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Kerry faces criticism following Israeli 'apartheid' comments

The Secretary of State issued a statement last night, which has been characterized as an "apology," but there's more than one way to interpret it.
U.S. Secretary of State John Kerry
U.S. Secretary of State John Kerry
Secretary of State John Kerry reportedly made some private remarks to world leaders on Friday, which he did not intend to share with the public, during which he warned that Israel runs the risk of becoming an "apartheid state."
The political blowback was not immediate, but as the day progressed yesterday, it grew louder. House Majority Leader Eric Cantor (R-Va.) demanded an apology mid-day, and a few hours later, Sen. Ted Cruz (R-Texas) was on the Senate floor calling on Kerry to resign -- a move that even Sen. John McCain (R-Ariz.) found laughable. Nevertheless, a handful of congressional Democrats, including Sen. Mark Begich (D-Alaska), also publicly expressed concerns.
In response, Kerry issued a statement last night, which has generally been characterized as an "apology." But it's worth taking a closer look at exactly what the Secretary said. The 331-word statement is a little long to publish here in its entirety, but after emphasizing his support for Israel and the peace process, Kerry dismissed "partisan, political" criticisms. He then clarified:

"First, Israel is a vibrant democracy and I do not believe, nor have I ever stated, publicly or privately, that Israel is an apartheid state or that it intends to become one. Anyone who knows anything about me knows that without a shred of doubt. "Second, I have been around long enough to also know the power of words to create a misimpression, even when unintentional, and if I could rewind the tape, I would have chosen a different word to describe my firm belief that the only way in the long term to have a Jewish state and two nations and two peoples living side by side in peace and security is through a two state solution. In the long term, a unitary, binational state cannot be the democratic Jewish state that Israel deserves or the prosperous state with full rights that the Palestinian people deserve. That's what I said, and it's also what Prime Minister Netanyahu has said. While Justice Minister Livni, former Prime Ministers Barak and Ohlmert have all invoked the specter of apartheid to underscore the dangers of a unitary state for the future, it is a word best left out of the debate here at home."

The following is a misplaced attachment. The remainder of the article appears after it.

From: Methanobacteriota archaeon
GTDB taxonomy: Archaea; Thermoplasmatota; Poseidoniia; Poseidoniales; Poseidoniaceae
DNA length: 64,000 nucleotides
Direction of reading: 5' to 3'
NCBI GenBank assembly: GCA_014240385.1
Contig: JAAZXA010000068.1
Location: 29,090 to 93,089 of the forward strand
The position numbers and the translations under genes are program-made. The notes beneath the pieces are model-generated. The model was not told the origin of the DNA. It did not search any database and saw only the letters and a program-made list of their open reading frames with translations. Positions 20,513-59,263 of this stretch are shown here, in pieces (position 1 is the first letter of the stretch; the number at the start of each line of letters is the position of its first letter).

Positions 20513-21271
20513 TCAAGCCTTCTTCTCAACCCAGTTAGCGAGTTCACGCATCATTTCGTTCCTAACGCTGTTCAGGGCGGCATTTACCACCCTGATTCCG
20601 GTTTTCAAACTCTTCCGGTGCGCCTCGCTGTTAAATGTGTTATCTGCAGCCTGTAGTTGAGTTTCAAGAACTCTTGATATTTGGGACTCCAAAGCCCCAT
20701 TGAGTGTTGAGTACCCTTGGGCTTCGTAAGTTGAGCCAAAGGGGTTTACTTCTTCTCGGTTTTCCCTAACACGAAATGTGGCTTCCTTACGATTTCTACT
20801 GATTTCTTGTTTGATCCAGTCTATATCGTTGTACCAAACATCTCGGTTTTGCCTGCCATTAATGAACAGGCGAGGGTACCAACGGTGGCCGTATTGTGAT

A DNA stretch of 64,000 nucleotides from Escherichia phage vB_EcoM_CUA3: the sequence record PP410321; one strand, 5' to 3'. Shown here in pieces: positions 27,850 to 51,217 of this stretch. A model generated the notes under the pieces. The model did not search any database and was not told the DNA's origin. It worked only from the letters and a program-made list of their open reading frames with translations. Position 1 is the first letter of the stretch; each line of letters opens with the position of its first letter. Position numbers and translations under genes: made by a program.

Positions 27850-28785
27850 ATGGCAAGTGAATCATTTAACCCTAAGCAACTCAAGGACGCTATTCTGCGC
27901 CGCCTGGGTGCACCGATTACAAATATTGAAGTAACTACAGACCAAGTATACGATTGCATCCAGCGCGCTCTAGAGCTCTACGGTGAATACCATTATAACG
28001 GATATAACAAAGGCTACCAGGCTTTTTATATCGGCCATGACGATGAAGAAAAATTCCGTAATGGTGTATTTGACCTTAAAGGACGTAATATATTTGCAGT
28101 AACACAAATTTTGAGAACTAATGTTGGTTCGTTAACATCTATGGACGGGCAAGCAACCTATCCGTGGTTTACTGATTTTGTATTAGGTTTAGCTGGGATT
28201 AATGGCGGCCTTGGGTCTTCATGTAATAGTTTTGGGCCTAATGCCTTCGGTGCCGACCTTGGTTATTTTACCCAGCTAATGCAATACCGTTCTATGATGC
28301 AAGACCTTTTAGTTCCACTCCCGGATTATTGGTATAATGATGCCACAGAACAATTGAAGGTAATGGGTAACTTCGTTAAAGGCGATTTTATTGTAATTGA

The fact that Kerry wishes he'd "chosen a different word" is an expression of regret, but it was his references to specific Israeli leaders and their comments that struck me as arguably more important.
To be sure, "apartheid" is a provocative word in this context, but Kerry's not dumb. On the contrary, the nation's chief diplomat took this opportunity to extend a subtle reminder to those who were critical of him yesterday: he's not the only one using this provocative word in this context.
For example, former Israeli Prime Minister and Defense Minister Ehud Barak -- a prominent figure in Netanyahu's government -- has also raised the specter of Israel becoming an "apartheid state." In 2007, then Israeli Prime Minister Ehud Olmert didn't use the "a" word specifically, but he didn't leave much doubt as to his concerns when he warned of Israel facing "a South African-style struggle."
Kerry's point, in other words, was pretty obvious: Israeli leaders have made comments that were practically identical to those he made privately over the weekend. So unless Ted Cruz, Eric Cantor, and others are prepared to say Israeli prime ministers are anti-Israel, perhaps they should turn down the volume on their latest outrage.
In this sense, Kerry's statement was perhaps less of an apology and more of a passive-aggressive reaction to a manufactured controversy.